Almost any team in the league would love to have Chris Paul, but they’d better not tell Paul or his agent that.
According to Marc Stein of ESPN.com, the NBA has issued a memo to warn teams about the consequences of making illegal contact with Paul:
ESPN.com learned that the memo spells out that “no team should be having communications with Chris Paul or his agent or representative about a potential trade for Paul that have not been authorized in advance by the New Orleans Hornets.”
This measure comes in the wake of various media reports in recent days that Paul’s new agent, Leon Rose, has been talking to a handful of teams about pursuing trades for his client.
The memo, sources said, also threatens penalties for any such communications that could potentially include “suspension of the offending person, prohibition of the offending team from hiring the person being tampered with, forfeiture of draft picks and individual and/or team fines of up to $5 million.”
It’s clear that the league didn’t enjoy the collusion rumors that have dogged LeBron, Wade, and Bosh, and would like to nip any similar rumors about CP3 in the bud.
As we saw with LeBron, it can be extremely difficult to enforce anything that could be considered tampering. Would Kevin Durant giving a twitter shout-out to Paul be tampering? What about Dwight Howard sending Paul a FaceBook message? Or a general manager saying that he loves Paul’s game in a radio interview? Or LeBron giving Paul advice after a summer camp session?
This was a memo the league had to send for the sake of its image, but the bottom line is that this will be nearly impossible to enforce. Information is everywhere now, and Paul and Rose can be reached by a million different people through a number of mediums. Trying to stop Paul and his agent from making an under-the-table agreement with another team is one thing, and I’m sure teams will be very careful about making direct contact with Paul or Rose. But teams will continue to talk about Paul, rumors will continue to spread, those rumors will reach Paul and Rose somehow, and the flow of information and misinformation surrounding a potential Paul trade will continue. In this day and age, no memo can change that.
As if Golden State was not already a prohibitive favorite Saturday night.
DeMarcus Cousins, who has missed the last two games for Sacramento with a strained back and that will continue Saturday. Our old friend Bill Herenda tweeted it first.
Not only are the Kings 1-6 without Cousins, but they were also on their way to beating Charlotte Monday until Cousins had to leave the game.
Golden State will likely be without Harrison Barnes in this game after spraining his ankle in the last game. Expect Andre Iguodala to get the start, or if interim coach Luke Walton doesn’t want to mess with the bench rotation he could go with Brandon Rush.
Watching Anthony Davis fall to the court clutching his knee, not being able to put any pressure on his leg as he was helped to the locker room, it was frightening Friday night in Los Angeles.
It turns out it’s not that bad. After the game the injury was described as a “knee contusion” and not the serious damage that was feared. Saturday the Pelicans said Davis was good to go.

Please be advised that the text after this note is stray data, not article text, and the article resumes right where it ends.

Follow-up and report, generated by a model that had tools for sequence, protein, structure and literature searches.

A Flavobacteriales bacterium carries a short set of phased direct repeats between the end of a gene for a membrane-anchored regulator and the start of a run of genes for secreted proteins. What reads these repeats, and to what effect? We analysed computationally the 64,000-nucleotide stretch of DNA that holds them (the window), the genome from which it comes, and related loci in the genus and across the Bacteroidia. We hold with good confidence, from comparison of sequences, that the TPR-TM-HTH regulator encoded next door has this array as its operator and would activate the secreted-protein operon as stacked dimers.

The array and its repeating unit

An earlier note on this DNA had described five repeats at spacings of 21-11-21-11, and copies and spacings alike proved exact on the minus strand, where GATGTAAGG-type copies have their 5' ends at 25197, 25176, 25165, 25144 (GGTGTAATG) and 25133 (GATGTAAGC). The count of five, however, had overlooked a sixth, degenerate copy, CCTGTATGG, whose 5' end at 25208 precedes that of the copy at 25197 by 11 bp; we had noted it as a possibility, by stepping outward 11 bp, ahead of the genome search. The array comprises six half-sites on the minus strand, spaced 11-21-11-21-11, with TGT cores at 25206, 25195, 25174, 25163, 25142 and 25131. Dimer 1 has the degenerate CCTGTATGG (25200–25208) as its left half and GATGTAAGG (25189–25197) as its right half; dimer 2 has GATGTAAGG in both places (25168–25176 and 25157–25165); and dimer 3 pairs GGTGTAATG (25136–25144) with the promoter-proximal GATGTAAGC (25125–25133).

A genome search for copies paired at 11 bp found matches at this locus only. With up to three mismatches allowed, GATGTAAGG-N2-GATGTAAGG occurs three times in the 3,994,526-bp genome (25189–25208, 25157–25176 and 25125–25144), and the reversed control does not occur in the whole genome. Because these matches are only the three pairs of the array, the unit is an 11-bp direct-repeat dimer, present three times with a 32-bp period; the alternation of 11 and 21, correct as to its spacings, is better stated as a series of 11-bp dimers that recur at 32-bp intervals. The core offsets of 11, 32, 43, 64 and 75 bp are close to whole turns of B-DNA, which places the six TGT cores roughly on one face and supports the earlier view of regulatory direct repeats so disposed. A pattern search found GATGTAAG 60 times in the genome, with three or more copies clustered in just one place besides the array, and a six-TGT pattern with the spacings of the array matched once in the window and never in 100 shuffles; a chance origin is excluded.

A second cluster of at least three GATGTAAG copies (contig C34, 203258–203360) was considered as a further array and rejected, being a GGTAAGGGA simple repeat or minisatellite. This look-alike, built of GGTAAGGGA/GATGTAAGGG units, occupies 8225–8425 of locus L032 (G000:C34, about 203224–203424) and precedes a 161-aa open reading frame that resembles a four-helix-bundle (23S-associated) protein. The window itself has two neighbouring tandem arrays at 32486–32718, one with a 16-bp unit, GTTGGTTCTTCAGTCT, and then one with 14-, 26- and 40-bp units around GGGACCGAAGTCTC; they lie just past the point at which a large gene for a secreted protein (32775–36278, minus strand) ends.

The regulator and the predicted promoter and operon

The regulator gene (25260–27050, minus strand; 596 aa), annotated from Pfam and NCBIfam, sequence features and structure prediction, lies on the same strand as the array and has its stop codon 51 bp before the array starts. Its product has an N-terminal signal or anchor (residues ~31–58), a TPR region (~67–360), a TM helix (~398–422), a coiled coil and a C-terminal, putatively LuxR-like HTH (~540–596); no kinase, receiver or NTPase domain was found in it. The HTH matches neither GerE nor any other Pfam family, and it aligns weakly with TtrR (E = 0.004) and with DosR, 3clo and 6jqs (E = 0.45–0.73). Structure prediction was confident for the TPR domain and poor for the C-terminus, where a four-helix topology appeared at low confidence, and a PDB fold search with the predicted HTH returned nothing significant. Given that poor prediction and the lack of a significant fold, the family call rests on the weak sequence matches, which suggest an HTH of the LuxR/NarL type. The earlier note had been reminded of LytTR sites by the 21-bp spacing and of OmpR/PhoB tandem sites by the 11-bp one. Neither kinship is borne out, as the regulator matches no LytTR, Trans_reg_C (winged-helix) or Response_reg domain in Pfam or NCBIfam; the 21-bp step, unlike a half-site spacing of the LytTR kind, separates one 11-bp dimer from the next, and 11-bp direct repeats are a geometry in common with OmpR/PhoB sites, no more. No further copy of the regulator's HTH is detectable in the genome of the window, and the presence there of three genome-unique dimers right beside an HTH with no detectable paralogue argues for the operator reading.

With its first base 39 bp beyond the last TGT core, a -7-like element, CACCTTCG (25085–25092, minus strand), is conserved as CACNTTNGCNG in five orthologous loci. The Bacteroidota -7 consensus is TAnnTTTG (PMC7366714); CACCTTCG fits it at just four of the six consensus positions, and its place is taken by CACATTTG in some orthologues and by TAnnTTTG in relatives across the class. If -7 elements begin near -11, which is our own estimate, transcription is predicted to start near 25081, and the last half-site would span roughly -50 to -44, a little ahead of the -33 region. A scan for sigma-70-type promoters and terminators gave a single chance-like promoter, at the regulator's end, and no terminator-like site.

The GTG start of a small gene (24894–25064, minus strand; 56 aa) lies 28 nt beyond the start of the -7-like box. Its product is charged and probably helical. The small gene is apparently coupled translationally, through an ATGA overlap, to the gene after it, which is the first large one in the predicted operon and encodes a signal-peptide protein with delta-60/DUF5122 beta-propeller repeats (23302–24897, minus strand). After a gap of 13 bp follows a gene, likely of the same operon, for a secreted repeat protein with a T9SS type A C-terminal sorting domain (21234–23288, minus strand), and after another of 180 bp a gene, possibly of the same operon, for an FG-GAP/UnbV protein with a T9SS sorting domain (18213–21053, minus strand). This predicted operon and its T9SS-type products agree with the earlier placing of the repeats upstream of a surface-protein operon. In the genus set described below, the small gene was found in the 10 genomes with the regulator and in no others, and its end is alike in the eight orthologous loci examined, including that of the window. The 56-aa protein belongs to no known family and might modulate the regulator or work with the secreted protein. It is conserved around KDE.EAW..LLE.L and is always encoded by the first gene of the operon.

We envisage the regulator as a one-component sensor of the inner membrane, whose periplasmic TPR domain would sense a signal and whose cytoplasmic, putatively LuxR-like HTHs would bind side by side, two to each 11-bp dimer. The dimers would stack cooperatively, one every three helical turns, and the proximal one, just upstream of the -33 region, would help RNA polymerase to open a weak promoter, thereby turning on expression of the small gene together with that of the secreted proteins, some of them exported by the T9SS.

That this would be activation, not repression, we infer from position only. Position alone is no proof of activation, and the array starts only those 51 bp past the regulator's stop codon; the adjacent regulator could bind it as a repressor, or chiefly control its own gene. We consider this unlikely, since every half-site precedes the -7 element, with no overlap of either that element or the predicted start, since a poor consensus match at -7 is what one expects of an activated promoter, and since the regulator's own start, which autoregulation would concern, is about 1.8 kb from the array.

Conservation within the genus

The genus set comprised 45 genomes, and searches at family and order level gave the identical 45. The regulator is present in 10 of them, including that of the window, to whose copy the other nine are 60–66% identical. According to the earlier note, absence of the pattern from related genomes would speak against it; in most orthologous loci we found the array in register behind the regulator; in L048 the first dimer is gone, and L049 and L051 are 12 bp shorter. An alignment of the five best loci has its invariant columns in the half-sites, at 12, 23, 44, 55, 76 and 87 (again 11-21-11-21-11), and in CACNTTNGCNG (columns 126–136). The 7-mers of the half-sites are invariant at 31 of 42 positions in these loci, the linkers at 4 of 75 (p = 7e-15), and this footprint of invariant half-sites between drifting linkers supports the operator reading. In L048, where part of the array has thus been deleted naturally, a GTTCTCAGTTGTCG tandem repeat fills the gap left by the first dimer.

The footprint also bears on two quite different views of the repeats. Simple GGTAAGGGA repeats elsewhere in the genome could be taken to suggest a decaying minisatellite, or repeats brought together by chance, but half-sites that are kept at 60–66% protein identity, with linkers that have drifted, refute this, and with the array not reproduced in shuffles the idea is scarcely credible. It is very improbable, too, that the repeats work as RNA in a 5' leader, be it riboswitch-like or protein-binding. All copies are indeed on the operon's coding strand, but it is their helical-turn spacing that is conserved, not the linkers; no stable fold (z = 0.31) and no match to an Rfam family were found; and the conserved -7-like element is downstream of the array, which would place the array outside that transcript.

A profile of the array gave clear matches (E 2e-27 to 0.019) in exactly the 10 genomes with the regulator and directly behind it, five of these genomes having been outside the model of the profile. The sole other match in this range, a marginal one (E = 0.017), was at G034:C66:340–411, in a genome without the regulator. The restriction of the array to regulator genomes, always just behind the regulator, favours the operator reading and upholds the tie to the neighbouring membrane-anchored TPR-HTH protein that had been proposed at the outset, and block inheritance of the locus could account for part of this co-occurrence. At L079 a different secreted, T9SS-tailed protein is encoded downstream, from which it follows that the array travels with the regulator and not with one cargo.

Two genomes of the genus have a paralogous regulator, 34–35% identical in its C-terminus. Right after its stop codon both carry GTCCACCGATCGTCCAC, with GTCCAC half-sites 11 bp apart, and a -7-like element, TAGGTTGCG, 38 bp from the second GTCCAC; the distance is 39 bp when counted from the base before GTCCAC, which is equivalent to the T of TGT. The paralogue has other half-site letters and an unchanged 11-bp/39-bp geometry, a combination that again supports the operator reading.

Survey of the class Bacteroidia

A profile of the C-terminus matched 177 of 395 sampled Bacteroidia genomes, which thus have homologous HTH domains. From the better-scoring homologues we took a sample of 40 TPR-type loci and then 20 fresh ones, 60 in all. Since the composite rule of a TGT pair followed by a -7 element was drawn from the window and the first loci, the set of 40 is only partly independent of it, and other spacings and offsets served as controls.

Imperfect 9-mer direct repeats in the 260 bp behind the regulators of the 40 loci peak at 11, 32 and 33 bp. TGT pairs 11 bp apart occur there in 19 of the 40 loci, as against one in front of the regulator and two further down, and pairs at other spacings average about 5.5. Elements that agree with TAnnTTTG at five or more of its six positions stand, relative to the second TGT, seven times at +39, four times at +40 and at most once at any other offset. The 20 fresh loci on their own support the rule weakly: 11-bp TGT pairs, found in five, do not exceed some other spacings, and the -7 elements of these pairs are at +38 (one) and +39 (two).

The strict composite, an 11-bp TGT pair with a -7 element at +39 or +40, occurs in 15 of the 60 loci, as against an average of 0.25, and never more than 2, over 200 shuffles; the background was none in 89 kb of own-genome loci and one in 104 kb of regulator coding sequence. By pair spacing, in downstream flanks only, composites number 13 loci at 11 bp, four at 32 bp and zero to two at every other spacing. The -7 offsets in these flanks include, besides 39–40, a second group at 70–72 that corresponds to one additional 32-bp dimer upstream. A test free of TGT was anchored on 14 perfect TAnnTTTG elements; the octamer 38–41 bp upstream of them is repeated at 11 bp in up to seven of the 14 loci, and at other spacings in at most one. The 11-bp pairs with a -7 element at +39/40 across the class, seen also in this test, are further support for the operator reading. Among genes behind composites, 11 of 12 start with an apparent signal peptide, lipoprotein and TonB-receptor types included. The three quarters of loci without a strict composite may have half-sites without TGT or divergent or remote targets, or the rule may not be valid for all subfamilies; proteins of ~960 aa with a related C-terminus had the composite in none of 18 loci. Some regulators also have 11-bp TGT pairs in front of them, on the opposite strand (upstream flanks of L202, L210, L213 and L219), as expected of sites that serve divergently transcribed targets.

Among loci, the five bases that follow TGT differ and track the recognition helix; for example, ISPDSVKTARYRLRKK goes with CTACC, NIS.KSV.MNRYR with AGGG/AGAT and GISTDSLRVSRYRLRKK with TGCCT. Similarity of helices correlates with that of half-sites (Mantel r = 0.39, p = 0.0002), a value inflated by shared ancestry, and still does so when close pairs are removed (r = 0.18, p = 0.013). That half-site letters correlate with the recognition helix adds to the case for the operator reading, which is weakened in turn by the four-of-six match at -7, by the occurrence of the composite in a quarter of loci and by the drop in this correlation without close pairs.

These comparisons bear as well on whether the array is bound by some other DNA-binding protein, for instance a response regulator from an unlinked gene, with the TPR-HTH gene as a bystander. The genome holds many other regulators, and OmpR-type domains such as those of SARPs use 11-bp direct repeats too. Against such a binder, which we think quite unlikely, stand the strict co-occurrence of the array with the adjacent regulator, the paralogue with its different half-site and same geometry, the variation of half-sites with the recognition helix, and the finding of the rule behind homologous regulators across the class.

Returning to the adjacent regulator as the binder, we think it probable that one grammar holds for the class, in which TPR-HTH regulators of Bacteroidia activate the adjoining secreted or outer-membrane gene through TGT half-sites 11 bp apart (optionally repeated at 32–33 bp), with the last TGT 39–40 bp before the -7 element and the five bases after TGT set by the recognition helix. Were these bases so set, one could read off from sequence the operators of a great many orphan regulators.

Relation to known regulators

Whew. Nobody wants to see Davis miss time.
The Pelicans had won three in a row until they ran into the Clippers Friday night. Davis has played better of late — the New Orleans defense is 7.2 points per 100 better when he is on the court — and New Orleans has gotten better point guard play out of Ish Smith.
That is just cruel.
An on-fire Warriors team dropped 44 on the Suns in the first quarter Saturday, and Curry had 19 of those points going 5-of-6 from three. The Suns’ had no defender who could begin to hang with him. Certainly not Ronnie Price, who came in off the bench and got abused for his efforts.
Curry finished with 41 points, never had to set foot on the court in the fourth quarter, and the Warriors improved to 17-0 on the season. Just another day at the office for them.
We tend to think of record streaks having to be in one season, not broken up across two.
But if you can suspend that, the Philadelphia 76ers are now the owners of the longest losing streak in NBA — and major professional sports — history.
With their tough two-points loss to Houston Friday night, the Sixers have lost 27 in a row. The Sixers dropped their final 10 last season and with the loss to the Rockets are 0-17 to start this one.
That bests the 26-game losing streaks of the 2010-11 Cleveland Cavaliers and these same Sixers from 2013-14. Looking across sports, the Tampa Bay Buccaneers of 1976-1977 also lost 26 in a row, which when you consider the length of the NFL season is pretty embarrassing.
The Sixers struggles are born from a plan by GM Sam Hinkie (and approved by ownership) to get better long-term by being bad now and hoarding draft picks. It’s a strategy that can work if Hinkie nails the draft picks (the book is out on how Hinkie is doing on that front). And they are committed to it through at least this draft.
But don’t think for a second the players and coach are trying to lose.
If you have watched the Sixers play their last few games you know the players are trying hard to get that victory (and almost have a couple of times). The effort is there, they are just outmatched and lack the kind of presence at the end of games to execute under pressure (something a couple of quality, regularly-playing veterans might help, but that’s another discussion). They have the point differential of a team that should have a couple wins; they just haven’t been fortunate. It happens. Go ahead and blame management if you think this plan is an abomination. Just don’t question the desire or effort of the players or coaches, that is not in doubt.
The Sixers play at the Grizzlies Sunday, then have maybe their best shot at a win for a while when they host the Lakers on Tuesday.